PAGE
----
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The sense of space. This is a place for prayer and reflection, to marvel at the God of creation in all His magnitude.

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A place to slow down, to wonder, to worship.

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What did I learn from Sagrada Família?

I teach a subject called “Understanding the Biblical Narrative” and in my PhD I looked at ideas of orality and embodiment in understanding the Bible. For me, this church brings some of that to life. The biblical story can be seen, felt, even interacted with, in a completely different way to reading words on a page.

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The world has changed an awful lot since 1882, and I wonder if the architects and funders of this project had known how accessible the Bible would become whether they would have embarked on this project. But I’m so glad they did.

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“Reading” the story in this way takes time, and oral storytelling to go along with it, and imagination, and engagement. Despite the overwhelming accessibility of the printed and digital text, things we can so often lose.

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The contrast between the outside and inside of the church, for me, took me to a whole other place. It is one thing to know the stories, to ponder their meaning, to enter into their emotions.

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It is yet another to be brought to a place of stillness, silence, speechlessness.

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This is not a church of my tradition, and in some ways it is more a tourist attraction than a house of prayer. And yet … sitting in the pews, taking time to tune out the voices bustling around (listening to this podcast helped me focus), for me this became a place of prayer and worship.

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To be sure, I have experienced the same wonder and worship in nature, in community, alone in my room.  I don’t need a place like this to spend time with God, but it sure is a genuine delight to be provided with one every now and then.

What does hospitality look like in speech and in action?

A few years ago I had a disagreement with a politician about words. He was using a phrase that had been understood in the popular media at the time as a kind of ‘slogan’ with a particular emphasis. I assumed that was what he meant by using this phrase; he assured me that he had a more nuanced perspective to communicate. The key to our disagreement was that he then said it was my responsibility to listen and understand what he intended to communicate, and my problem if I didn’t get what he meant. Conversely, I suggested that it was his responsibility to understand how I would hear what he was saying and to use words to ensure that I would receive his intention. In the end we had to agree to disagree, but it is a conversation I have often thought about since.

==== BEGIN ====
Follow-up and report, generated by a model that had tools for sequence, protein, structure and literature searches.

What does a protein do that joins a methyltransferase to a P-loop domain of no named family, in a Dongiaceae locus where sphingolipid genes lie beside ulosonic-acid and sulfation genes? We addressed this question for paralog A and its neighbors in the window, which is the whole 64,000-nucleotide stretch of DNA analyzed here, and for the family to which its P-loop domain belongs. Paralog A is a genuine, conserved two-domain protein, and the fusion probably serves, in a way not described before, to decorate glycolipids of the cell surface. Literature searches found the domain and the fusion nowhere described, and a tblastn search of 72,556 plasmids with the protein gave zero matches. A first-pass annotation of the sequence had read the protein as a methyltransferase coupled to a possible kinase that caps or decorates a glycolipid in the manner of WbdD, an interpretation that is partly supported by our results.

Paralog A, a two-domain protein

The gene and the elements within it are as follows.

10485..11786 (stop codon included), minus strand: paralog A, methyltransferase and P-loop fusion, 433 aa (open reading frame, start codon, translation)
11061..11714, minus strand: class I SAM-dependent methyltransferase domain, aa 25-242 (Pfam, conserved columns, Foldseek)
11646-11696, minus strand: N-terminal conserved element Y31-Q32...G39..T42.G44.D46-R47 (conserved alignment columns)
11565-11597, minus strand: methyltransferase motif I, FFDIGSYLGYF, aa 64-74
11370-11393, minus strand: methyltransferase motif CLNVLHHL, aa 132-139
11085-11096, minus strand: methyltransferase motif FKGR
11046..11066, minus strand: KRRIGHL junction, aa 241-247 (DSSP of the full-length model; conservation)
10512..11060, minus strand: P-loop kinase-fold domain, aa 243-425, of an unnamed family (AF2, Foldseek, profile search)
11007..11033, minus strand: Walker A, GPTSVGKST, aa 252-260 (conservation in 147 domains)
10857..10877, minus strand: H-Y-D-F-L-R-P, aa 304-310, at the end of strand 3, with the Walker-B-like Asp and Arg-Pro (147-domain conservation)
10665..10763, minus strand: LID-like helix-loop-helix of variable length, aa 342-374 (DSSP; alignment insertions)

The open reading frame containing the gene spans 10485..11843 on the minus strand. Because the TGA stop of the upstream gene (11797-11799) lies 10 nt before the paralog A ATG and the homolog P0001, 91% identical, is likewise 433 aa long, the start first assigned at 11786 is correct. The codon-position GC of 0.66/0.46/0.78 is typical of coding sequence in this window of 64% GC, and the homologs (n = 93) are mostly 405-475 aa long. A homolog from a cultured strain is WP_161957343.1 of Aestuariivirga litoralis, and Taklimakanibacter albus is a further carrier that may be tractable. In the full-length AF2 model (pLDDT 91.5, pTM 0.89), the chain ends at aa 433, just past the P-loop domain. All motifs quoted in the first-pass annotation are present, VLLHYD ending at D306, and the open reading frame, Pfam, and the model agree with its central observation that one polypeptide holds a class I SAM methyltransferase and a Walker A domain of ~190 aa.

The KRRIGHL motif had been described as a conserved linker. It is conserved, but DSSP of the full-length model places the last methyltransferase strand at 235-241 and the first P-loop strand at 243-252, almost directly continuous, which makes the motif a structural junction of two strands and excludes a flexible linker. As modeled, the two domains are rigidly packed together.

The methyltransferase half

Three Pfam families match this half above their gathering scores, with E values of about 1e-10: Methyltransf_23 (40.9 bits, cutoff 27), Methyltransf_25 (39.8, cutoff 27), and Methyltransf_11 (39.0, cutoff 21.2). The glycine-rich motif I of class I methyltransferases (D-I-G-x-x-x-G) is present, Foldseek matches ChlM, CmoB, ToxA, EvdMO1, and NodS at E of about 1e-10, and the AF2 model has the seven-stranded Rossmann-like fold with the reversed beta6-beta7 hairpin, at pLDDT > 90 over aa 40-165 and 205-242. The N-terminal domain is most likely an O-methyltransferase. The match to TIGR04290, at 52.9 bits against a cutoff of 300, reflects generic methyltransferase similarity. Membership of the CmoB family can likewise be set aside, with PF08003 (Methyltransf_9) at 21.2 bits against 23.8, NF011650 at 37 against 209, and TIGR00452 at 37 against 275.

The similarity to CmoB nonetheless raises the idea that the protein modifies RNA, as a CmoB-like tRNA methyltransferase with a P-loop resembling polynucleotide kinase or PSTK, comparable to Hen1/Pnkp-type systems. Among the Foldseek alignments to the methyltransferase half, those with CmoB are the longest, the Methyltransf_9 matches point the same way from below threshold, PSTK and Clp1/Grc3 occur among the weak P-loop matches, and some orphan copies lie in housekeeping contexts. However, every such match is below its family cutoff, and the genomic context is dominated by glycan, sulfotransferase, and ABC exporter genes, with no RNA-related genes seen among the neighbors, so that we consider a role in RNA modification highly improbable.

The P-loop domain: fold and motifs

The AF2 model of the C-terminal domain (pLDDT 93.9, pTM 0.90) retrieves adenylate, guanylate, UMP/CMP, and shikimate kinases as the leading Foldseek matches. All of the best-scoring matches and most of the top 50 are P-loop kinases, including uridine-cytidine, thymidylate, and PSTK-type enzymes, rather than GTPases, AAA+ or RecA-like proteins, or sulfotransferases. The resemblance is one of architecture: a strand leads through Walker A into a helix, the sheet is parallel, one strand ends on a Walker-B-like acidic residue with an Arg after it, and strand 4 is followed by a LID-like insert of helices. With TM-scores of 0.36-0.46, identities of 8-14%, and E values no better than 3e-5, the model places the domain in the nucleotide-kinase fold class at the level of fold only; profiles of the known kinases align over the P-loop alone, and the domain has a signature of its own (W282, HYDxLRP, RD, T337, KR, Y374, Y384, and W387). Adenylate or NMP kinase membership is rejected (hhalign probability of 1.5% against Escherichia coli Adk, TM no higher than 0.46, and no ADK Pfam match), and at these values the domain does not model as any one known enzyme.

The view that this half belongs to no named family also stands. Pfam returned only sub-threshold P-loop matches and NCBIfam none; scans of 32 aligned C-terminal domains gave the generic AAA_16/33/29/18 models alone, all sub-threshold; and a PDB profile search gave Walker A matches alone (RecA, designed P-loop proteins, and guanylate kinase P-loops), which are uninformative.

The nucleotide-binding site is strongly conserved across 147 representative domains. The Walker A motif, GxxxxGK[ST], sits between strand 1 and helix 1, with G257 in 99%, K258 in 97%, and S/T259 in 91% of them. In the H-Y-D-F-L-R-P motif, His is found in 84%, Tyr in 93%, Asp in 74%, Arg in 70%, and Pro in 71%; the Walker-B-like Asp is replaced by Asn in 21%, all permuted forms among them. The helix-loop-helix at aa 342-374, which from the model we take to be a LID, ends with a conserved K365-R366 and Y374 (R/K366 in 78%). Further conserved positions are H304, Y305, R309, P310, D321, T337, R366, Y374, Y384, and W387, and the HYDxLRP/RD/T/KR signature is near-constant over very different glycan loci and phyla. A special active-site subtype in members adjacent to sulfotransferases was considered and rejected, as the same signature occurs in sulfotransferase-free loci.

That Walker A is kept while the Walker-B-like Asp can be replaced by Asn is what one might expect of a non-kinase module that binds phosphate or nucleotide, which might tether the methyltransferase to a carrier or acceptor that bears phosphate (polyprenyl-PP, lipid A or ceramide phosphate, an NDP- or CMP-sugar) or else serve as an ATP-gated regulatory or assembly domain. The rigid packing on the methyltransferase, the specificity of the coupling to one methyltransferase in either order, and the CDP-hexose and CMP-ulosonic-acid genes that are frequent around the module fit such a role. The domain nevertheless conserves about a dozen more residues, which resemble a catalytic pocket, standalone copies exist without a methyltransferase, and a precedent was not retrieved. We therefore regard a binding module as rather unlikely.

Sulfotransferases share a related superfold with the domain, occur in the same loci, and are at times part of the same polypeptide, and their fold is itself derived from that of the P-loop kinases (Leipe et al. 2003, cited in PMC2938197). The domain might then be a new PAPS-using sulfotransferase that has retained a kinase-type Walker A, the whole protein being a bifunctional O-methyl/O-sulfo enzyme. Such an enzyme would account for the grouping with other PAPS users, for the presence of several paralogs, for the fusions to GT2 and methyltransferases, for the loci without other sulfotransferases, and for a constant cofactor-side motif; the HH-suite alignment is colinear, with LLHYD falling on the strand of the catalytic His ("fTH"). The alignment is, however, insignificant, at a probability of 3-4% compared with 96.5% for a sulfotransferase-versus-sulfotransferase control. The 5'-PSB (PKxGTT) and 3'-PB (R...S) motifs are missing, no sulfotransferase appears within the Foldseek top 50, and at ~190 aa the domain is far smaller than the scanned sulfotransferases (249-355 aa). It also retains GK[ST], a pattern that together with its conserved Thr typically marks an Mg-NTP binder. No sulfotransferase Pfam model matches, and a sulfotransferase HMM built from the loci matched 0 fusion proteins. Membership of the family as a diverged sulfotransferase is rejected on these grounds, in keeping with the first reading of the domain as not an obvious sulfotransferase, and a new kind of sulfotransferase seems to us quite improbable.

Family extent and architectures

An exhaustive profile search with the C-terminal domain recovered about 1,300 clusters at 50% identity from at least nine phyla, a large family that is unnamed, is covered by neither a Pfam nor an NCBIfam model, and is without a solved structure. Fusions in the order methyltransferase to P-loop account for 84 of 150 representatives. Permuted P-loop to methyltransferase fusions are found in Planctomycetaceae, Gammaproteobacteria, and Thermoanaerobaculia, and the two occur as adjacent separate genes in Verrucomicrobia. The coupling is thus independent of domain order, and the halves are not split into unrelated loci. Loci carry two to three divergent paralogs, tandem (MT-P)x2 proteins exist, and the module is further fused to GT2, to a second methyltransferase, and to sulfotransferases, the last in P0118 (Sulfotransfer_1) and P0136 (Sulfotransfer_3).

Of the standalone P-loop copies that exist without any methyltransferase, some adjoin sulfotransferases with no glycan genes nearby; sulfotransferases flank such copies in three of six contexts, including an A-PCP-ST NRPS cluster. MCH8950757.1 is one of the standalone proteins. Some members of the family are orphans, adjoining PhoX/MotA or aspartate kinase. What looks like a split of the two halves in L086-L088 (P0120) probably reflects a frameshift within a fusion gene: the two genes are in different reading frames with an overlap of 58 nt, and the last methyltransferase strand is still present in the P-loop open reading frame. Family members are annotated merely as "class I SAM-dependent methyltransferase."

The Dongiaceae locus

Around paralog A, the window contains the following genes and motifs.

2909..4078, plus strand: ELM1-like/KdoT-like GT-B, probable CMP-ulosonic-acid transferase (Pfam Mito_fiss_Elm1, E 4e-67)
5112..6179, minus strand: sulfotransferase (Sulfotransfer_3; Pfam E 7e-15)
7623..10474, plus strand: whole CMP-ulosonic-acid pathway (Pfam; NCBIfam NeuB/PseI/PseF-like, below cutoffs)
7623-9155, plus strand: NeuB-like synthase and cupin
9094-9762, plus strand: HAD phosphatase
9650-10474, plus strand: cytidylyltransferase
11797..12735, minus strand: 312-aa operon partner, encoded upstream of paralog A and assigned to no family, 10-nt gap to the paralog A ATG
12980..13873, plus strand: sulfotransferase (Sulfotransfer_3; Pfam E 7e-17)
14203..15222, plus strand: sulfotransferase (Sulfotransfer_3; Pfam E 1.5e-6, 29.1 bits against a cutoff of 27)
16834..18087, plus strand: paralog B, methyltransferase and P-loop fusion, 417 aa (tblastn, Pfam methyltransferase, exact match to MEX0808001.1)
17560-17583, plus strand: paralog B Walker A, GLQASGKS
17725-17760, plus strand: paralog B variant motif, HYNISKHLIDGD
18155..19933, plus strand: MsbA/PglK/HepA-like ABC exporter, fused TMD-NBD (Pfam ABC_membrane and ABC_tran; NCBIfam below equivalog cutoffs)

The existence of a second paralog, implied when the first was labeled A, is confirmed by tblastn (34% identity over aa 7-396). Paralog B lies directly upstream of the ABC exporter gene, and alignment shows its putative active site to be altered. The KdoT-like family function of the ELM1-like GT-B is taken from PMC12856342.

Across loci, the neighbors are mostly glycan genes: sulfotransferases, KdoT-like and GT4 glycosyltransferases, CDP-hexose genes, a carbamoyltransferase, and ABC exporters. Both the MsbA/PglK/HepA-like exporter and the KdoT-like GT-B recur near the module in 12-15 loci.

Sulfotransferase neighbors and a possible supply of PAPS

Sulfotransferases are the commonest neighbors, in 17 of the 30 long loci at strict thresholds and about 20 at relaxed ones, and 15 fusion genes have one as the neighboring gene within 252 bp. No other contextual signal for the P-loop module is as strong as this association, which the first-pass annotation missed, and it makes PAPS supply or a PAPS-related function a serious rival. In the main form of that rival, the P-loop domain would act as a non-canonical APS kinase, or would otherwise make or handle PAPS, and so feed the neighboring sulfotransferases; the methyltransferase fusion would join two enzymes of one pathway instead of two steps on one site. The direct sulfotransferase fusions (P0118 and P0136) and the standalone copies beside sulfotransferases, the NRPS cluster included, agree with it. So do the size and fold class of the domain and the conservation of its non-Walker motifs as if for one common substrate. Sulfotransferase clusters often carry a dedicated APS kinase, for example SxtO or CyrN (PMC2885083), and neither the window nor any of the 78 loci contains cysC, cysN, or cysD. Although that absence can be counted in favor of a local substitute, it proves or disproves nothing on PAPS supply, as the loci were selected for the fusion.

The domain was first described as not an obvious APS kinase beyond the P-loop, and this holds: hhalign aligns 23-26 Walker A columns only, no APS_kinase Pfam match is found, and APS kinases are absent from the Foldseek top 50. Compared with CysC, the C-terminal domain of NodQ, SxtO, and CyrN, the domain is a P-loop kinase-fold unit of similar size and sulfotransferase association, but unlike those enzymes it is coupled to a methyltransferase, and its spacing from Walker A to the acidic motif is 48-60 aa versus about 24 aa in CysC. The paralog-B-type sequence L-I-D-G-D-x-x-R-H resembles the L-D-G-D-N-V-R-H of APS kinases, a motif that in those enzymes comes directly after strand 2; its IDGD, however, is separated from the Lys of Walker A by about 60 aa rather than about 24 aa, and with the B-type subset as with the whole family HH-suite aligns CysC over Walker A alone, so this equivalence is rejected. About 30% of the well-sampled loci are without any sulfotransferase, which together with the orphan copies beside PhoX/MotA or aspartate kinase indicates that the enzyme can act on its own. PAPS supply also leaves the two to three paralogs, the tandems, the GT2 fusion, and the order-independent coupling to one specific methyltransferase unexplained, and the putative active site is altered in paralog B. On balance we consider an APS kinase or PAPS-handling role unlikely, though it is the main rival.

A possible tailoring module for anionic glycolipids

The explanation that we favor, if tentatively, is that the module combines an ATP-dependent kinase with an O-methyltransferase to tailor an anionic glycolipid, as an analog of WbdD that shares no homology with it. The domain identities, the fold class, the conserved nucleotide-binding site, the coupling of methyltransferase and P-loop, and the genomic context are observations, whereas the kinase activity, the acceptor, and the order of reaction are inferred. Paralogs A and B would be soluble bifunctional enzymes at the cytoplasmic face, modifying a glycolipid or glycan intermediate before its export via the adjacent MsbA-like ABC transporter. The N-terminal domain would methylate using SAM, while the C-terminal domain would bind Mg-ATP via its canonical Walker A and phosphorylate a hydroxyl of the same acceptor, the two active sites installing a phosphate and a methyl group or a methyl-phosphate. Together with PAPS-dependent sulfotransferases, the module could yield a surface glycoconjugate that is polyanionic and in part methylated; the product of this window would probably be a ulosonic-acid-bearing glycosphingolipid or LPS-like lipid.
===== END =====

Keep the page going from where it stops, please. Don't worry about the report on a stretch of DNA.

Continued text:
Does the onus lie on the speaker or the hearer to make sure communication is clearly understood?

And what does that have to do with hospitality?

Missiology 101 tells me that as someone who has a good message to proclaim, the onus is on me to make sure that my words are being heard and understood by those I am seeking to communicate with, rather than expecting or assuming that they will know what I intend. We call it “contextualisation,” that is, making sure our message is communicated in a way that makes sense to those who are receiving it. To me, this is a form of hospitality. I invite someone into the conversation in a way that is welcoming when I focus not so much on what I want to say, but on what they will hear and receive.

I think hospitality is often misunderstood. The mental picture many people have is of inviting someone into their home. Which is a lovely, welcoming thing to do. However, there is an important caveat. In many ways, our home is our “turf.” It is the place where we feel most comfortable, and where we do things our way. If we invite someone in to that, but expect and assume that they will “fit in” with us, are we truly being welcoming? Or is hospitality about making the other person feel comfortable, choosing to accommodate ourselves to their way of doing things, making sure they feel at home?

True hospitality is the attitude of making someone else feel at home rather than simply being in our home.

What would it look like to live that kind of hospitality in speech and in action?

My church has recently started partnering with a Christian community who speak a different language to us, many of whom are refugees and have left everything they have known behind. I see their joy in their eyes as they come into a place where they can speak their own language, and eat food that is familiar to them, and feel comfortable knowing that they understand what is expected of them. I imagine that in nearly every other aspect of their lives this is not the case. Everywhere they go they are expected to fit in with us, speak like us, do things our way. And yes, that is part of the process of learning to live in a new culture. But what if instead of the church being just one more place where they are the outsiders who are expected to find ways to fit in, what if we as followers of Jesus chose to be the ones who learned their language, ate their food, did things their way? What if we went out of our way to be the ones who were uncomfortable so that they might feel at home?

That’s a challenge. That will be more difficult. That’s the kind of hospitality that is costly as we sacrifice our own comfort and ease for the sake of the other. That’s the kind of hospitality of a church whose early leaders chose to become like outsiders in order to share their hope with those on the outside. That’s the kind of hospitality of a church whose head is a God who condescended to become a human being in order to demonstrate his great love for humanity.